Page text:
The one area of domestic creativity that has intrigued me from an early age has been anything connected to cooking and baking. My mother was very capable in the kitchen, but didn’t enjoy her time there; I speculate this was largely because producing family meals day in and day out without much of a break became a dull routine. I recall her deep pleasure in my father’s midlife interest in gourmet cooking, and the way it freed up her weekends so she could relax and enjoy time away from the kitchen.
One glorious Christmas, Santa brought me an Easy-Bake Oven, with its miniature stove, pans, utensils, and boxed mixes. It conjured little layer cakes, muffins, and quick breads through the magical heat of a light bulb. It entertained me and kept my brothers content for a few minutes after the Lilliputian cakes were frosted, but I soon tired of putzing around on such a small scale: I wanted to enter the arena of the real kitchen and manipulate the enchantment of chemistry on a grander and more sophisticated stage.
My mother was only too happy to encourage this, and I am eternally grateful for the trust and freedom she granted me as she left the room with her own pile of books and a sigh of contentment.
Her list of rules was brief. She expected me to clean up whatever mess I created, which I thought a fair exchange for the pleasure provided, for creation—both the birth and death necessary for it to occur—is a messy affair indeed. She also asked that I share my results with my brothers, which taught me that while indulging one’s creativity is vital, the sharing of one’s creation, art, and self is the purpose.
I’ve been pondering these lessons lately, as I return to the kitchen with the great excitement of holiday baking adventures, new recipes, and family gatherings tantalizing my imagination. I love all the seasons, but there is none better for me than that grand culinary and guest-welcoming stretch of the calendar year between October and January. Friends, family, food and its accompaniments: what’s better? Imagining how this or that creation will please someone we love is a lovely impetus for our artistic endeavors.
And so, in the kitchen, I still create wildly and clean the mess as I go along, and I still—mostly—share what I create. I’ve been wondering lately, though, if I apply these rules as wisely to the rest of my pursuits in the grander and more sophisticated arena of life outside of my kitchen.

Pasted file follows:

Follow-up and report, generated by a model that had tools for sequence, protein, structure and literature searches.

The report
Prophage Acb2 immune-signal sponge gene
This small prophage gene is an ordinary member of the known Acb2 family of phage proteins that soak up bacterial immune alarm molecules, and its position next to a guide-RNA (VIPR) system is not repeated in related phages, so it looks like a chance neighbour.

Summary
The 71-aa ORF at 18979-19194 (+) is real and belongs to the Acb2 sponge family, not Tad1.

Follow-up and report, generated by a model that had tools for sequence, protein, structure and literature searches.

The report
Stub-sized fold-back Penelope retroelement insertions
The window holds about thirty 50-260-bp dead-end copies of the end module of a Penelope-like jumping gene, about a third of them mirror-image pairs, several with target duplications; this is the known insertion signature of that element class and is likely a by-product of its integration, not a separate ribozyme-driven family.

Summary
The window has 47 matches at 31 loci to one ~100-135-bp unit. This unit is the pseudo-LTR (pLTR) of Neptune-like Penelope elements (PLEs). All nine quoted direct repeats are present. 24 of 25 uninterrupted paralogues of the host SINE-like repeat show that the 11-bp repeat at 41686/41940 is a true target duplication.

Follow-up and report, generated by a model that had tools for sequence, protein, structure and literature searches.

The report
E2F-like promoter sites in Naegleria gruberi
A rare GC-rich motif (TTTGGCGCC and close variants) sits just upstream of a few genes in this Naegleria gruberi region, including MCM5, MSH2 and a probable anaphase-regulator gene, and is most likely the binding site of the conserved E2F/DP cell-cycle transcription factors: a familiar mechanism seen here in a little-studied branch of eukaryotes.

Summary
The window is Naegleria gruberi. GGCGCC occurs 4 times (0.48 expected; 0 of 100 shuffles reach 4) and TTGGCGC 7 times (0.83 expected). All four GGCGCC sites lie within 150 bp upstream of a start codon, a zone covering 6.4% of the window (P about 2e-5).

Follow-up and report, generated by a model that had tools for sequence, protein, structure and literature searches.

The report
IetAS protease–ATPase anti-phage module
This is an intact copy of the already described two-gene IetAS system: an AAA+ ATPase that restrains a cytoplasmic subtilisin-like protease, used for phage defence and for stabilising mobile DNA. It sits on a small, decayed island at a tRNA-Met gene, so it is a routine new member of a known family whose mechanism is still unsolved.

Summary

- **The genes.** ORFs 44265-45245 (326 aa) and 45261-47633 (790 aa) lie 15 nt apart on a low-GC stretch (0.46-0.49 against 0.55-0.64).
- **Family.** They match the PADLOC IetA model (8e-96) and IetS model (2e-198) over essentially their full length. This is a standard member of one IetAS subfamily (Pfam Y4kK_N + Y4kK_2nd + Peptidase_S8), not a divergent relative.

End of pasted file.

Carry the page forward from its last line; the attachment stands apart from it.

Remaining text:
It is no secret that Wisconsin, the state where I have lived most of my life, is experiencing a political crisis and that divisive laws, choices, and use of power have been more in evidence this past year. We are living through an intensely concentrated and tempestuous version of the larger international and national socio-political chaos that is the hallmark of our time, and there are days I can enter the fray with energy and clear vision, and others, when I desire silence, peace, and a Canadian refuge. Life and choices are not black and white, as they were when I was younger; they are rather a formless gray and we are invited, especially in a representative democracy (if we truly are that anymore), to co-create our society’s shapes and patterns, institutions and laws, taxes and their use…and we are expected to participate fully in the operation and integrity of these systems, ensuring that our creation is fashioned to include and honor everyone justly.
I am filled with doubt when asked to support an “us/them” mentality, and yet the divisions between the opposing political worldviews seem more and more distinct, and I am increasingly unable to perceive enough common ground where I may stand and hold hands with those on either side of the arguments. I am concerned that all of us are creating messes without attending to them and have no well-formulated plan for how our new creations will be shared among all the state’s, or country’s, or world’s residents, including the non-human.
I fear we may act without forethought, fueled by anger and reactive impulses rather than reason and compassion. How will we reconstitute the relationships we are dissolving and repair the connections we have destroyed? How will those we oppose be invited to contribute their gifts if we become the party in power? How are we living into the change we desire?
It seems the earth is straining more violently these days, and the hope flickering at my core is that these are birth pangs as well as death cries, and that the spirit of love is present, working earnestly to help us midwife a time of greater peace and equity among all earth-dwellers. I can’t go on without such hope, despite the preponderant evidence that we never, really, learn how to accept and love the stranger.
Hate is a dangerous fuel, energizing and strengthening a journey of division. It can change the faces of power without altering the balance. Discord is not a reliable or sustainable diet. And I cannot be fooled into believing myself, and therefore my pursuits and methods, any less selfish and partisan than those with whom I disagree. Listening, reflection, and circumspection are more important practices than ever.
I’m trying a new recipe today and as excited as ever about creating something new and sharing it with those I love.
Tomorrow I will sign a petition that seeks to recall our current governor.
May we proceed cautiously and with mindfulness regarding the energetic sources that inspire and motivate us; may we take time to tend to our messes as we go along; and may we finally create a life-giving system for governance served at a table where all are welcome and all are fed.